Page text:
The 200 Project S1:E3 | Living and Running NSNG

Dinner of broiled steak and a salad of arugula, red onion, cucumber, watermelon and feta cheese. Sara made it because Sara is amazing. <– Sara wrote that.
Diet is what you eat; not a short-term, restrictive plan for losing weight.

We all tend to follow some diet or other, and while I was pacing Geoff a few weeks ago, we starting discussing mine. The other day he reached out and requested that I write a blog post on how I eat.

[Caveat: We are all an experiment of one. What works for me may not work for you. Also, I do not care how you eat, and you shouldn’t care how others eat. I have heard way too many people get way too passionate about the superiority of their particular food cult. Eat healthy, whatever that means to you.]

So what works for me? No sugar, no grains — NSNG. And this isn’t just while I am training for the Bigfoot 200 Mile Endurance Run, this is how I live.

I started eating NSNG just after the Super Bowl in 2013. Following that basic guideline, I lost approximately 20 pounds and have remained at that weight since.

But more important than the pounds I lost, I feel better. My energy levels are higher, I’m running better, and it’s not so restrictive that it complicates my life.

I have not been perfect in my implementation of NSNG, but I don’t want to be. Having a root beer float once in a while is not going to send me or my diet straight to hell.

So what is NSNG?

NSNG is simple. It involves following just two rules: Don’t eat sugars and don’t eat grains.

Booze and gummy bears are sugar; they’re out.

Corn is a grain; it’s out.

The no-sugar half of NSNG also includes natural sugars. Raw honey, while not processed white sugar, is not a normal part of this diet.

But indulging in a treat every now and then won’t derail your diet. NSNG isn’t a religion. I would say on a good week, I can maintain 90-95% NSNG. I am always striving to eat better, but at the same time, a root beer float after a long run is simply amazing.

If you want to learn more about the primary principles of this diet, check out author Vinnie Tortorich. I also recommend his podcast, America’s Angriest Trainer, and his book, Fitness Confidential. He is entertaining as hell and will always remind you that it’s alright to “put a little life into living” and allow yourself a treat every once in awhile.

My typical NSNG day looks like this:


Breakfast frittata made of cherry tomatoes, spinach, and onion, topped with cheddar cheese and avocado on the side.
Breakfast frittata made of cherry tomatoes, spinach, and onion, topped with cheddar cheese and avocado on the side.
I like a high-fat breakfast, which lately means eggs. I sauté spinach in a little coconut oil then add two eggs and cook it all together. If I have ripe avocado, I’ll throw that on top.

Coffee is mandatory, and I normally have mine with a splash of heavy cream.

Mid-morning snack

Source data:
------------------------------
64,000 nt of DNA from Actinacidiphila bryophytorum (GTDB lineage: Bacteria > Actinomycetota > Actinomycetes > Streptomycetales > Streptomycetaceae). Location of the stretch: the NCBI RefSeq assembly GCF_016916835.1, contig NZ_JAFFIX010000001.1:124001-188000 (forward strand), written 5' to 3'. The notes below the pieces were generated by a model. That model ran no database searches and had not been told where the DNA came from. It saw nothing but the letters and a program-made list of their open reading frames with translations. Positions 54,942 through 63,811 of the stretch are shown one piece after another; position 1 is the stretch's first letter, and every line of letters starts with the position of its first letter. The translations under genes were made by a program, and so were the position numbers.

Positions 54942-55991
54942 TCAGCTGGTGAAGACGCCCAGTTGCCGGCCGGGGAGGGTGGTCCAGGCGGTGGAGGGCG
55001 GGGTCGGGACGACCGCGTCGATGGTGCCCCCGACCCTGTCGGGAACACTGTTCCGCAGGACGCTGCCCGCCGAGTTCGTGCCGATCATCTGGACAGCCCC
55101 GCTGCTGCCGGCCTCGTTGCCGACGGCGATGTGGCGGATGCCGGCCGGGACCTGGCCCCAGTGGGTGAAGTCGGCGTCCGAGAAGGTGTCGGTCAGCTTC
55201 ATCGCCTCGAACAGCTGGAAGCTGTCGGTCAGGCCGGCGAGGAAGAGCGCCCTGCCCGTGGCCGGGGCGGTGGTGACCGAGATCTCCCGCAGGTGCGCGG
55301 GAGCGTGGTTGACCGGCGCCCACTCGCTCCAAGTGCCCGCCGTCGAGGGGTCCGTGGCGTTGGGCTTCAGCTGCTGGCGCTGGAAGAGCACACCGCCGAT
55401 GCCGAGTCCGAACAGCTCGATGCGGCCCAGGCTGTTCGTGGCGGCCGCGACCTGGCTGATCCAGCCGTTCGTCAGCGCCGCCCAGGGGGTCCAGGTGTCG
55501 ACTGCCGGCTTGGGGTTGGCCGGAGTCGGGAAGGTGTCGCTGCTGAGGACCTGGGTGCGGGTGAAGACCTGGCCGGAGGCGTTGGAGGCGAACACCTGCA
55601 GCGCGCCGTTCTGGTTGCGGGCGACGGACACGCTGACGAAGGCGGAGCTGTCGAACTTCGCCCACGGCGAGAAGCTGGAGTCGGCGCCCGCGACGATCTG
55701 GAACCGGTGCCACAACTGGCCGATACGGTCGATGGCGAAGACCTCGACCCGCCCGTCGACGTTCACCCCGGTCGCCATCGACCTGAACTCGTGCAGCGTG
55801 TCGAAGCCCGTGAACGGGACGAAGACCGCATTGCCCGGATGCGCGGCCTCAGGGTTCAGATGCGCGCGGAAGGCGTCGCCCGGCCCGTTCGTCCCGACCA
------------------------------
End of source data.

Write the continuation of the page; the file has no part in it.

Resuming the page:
I’ll have an apple.


I’ll have two baked pork chops — no sauce, just seasoning — and a large serving of vegetables. I gravitate to frozen peas, because they’re quick and easy.

Mid-afternoon snack

This is usually a handful of almonds or cashews.

After work

When I get home from work I’ll normally have a scoop of peanut butter or some cheese. I usually run after work, so I just need a little bite of something before I head out the door.


Again, I go for high-fat, nutrient-dense foods. Most nights I eat a boiled sweet potato — a method that keeps the glycemic index low — and broiled, seasoned chicken breast.

If I have dessert, it will normally be frozen berries with a little heavy cream on top.

What about when I am running?

During my training runs I typically eat pouches of pureed fruit (you know, the ones made for toddlers) because they are energy-dense, easy to carry and do not make a huge mess. Another thing I love are Epic Bars — meat bars, somewhat similar to jerky, that taste amazing. They’re a great source of protein and don’t need to be refrigerated, making them great for long runs. My personal favorite are the habanero and cherry beef bars.

When it comes to hydration, I stick to water. I have found anything else is just too difficult to figure out during a long run. Water is always safe. If I am feeling short on electrolytes, I reach for an S!Cap or start searching for pickles or pickle juice at an aid station.

When it comes to mid-race fueling, I am one of the lucky ones because I have a pretty strong stomach. At aid stations I let my stomach choose and tend to reach for anything that looks appealing.

That friends, is a giant cinnamon roll I inhaled during a recent 21-mile mountain run. It's ok to indulge, at long as it's not a regular occurrence.
That friends, is a giant cinnamon roll I inhaled during a recent 21-mile mountain run. It’s ok to indulge, at long as it’s not a regular occurrence.
Again, I do not belong to a food cult. When given the option of eating nothing or finishing a race on Skittles, eat the fucking Skittles. If you get into an aid station, and the idea of a fresh grilled cheese sandwich covered in butter just makes you drool, eat one.

Hell, eat two. You need the calories.

My diet is boring, but it is easy, and it does the job.

The best advice I can give anyone when it comes to diet is to experiment.

If you want to experiment more, NSNG is very similar to Paleo, to the point where Paleo cookbooks have some great NSNG recipes. But be wary of low-calorie or low-fat processed foods, “low” usually means it’s full of bad shit.

Everyone is different and you need to find what works for you. And please remember, don’t give anyone shit for not prescribing to the same food doctrine as yourself.

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